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Financially Speaking | The sweeter side of sugar

Published:Thursday | November 12, 2015 | 12:00 AMLavern Clarke

Jamaica has been slow to domesticate sugar; to effectively reposition as an independent market no longer secure in the preferential bosom of Europe. And it has had a telling effect on the financial health of the industry in the post-divestment era.

Guaranteed prices and quotas will soon no longer be the order of the day, although Europe has said its markets will remain open to Jamaica and other sugar-producing countries to which it is tied by history. The final transition is in 2017.

Under preferences and state ownership, the underinvestment in sugar was bad - but not always bad for business because the cash kept rolling in from quota sales; and the government was prepared, from time to time, to subsidise the planting of fields and do just enough retooling of factories to churn out the sugar crystals.

The industry and its markets, as it turned out, were mostly fuelled by guilt and an oligopolistic culture.

Into that ecosystem stepped an over-optimistic set of private sector investors, who, for the past six years since Jamaica divested its sugar headache and creaky factories to them, have been struggling to turn sugar into a moneymaking venture. After all, market-driven rum has managed it, so why not its first cousin. The answer to that is obvious - 'rum'.

Where Jamaican officials were myopic was in the retention of the sugar distribution structure that worked well when Europe had first call on Jamaica's sugar, but evolved into a system that is hobbling private business whose only legacy interest is whether this year's profit is better than last year's.

It turns out that commercially viable sugar is almost a contradiction in terms. Long Pond, which has claimed other private-sector victims before, including an established near-two-century-old rum king, has done so again. The factory was producing sugar at $40 per pound but earning $23 for the product, said owner Everglades when it confirmed two weeks ago that Long Pond was quitting the next crop.

Some day, there ought to be a study on why Long Pond is the place where sugar investments go to die.

Seprod, on the other hand, is doubling down. With around $3 billion of investment to safeguard, and losses to recoup, the company has managed to wrest its product out of the centralised marketing pool. Through subsidiary Golden Grove, a new branded sugar is to be rolled out in Jamaica and Caricom markets.

Golden Grove will not be a pioneer in this regard. Jamaica Cane Product Sales (JCPS), the agent through which sugar distribution was centralised in the era of preferences, has long had a brown sugar product on retail shelves - branded Jamaica Gold - that is packaged in 1kg and 2kg sizes.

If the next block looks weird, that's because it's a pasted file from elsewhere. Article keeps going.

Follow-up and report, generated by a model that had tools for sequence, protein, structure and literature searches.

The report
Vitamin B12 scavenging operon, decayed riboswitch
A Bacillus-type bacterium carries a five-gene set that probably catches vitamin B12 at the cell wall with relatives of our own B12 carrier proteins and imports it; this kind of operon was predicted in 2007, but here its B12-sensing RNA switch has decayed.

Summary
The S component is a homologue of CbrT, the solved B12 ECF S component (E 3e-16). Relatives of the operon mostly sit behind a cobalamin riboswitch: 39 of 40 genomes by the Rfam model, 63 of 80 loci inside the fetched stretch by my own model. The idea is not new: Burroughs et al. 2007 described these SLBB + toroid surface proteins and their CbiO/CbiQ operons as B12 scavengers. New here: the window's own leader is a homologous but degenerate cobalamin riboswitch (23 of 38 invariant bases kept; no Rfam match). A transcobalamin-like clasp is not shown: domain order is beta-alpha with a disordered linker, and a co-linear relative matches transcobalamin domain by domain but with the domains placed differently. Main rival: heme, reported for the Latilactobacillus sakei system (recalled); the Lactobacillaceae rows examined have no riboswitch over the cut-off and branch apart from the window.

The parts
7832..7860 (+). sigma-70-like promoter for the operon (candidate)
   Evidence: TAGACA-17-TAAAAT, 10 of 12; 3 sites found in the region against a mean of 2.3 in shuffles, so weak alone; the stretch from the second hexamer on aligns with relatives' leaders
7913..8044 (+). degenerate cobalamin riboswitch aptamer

Earlier this year, JCPS upped its game with similar sizes of granulated sugar packaged from bulk imports, which it markets under the generic label of 'refined cane sugar'. In September, JCPS was joined by DK Processors Jamaica with Diamond Krystal in the granulated sugar market. Their products sit side by side on mainstream grocery shelves. DK Processors also distributes icing sugar under the same brand.

Still, there is a different expectation of Seprod's market entry, much of which surrounds its well-established track record in manufacturing and distribution. The real reason, however, may well be more basic, if not cosmetic. Seprod's products on retail shelves are well-packaged and generally attractive to consumers. They spell quality. And that element has long been missing for sugar.

Sugar is largely displayed on retail shelves in transparent plastic baggies that grocery operators cheaply package from bulk supplies distributed by JCPS. A bag of all golden brown sugar is a rarity. But it is standard fare for multicoloured crystals ranging from dark brown to golden to end up in one bag along with generous helpings of sediment. In this masquerade of the commodity as consumer product, we get sugar with essence of factory.

Jamaica's sugar officials may be slow to act, but they are not blind to these realities. With clear signs that the domestic market is evolving, there is finally movement to develop standards for labelling and packaging of retail sugar.

In the final analysis, however, whether the loosening of the reins on sugar marketing agents, quality sugar in pretty packages and distribution to regional neighbours can reorient the industry towards profit, only time will tell.

If all else fails, the consolation is that sugar sold to Europe will remain duty-free - it's just that the cost of producing the commodity may outperform the price the market will pay for it.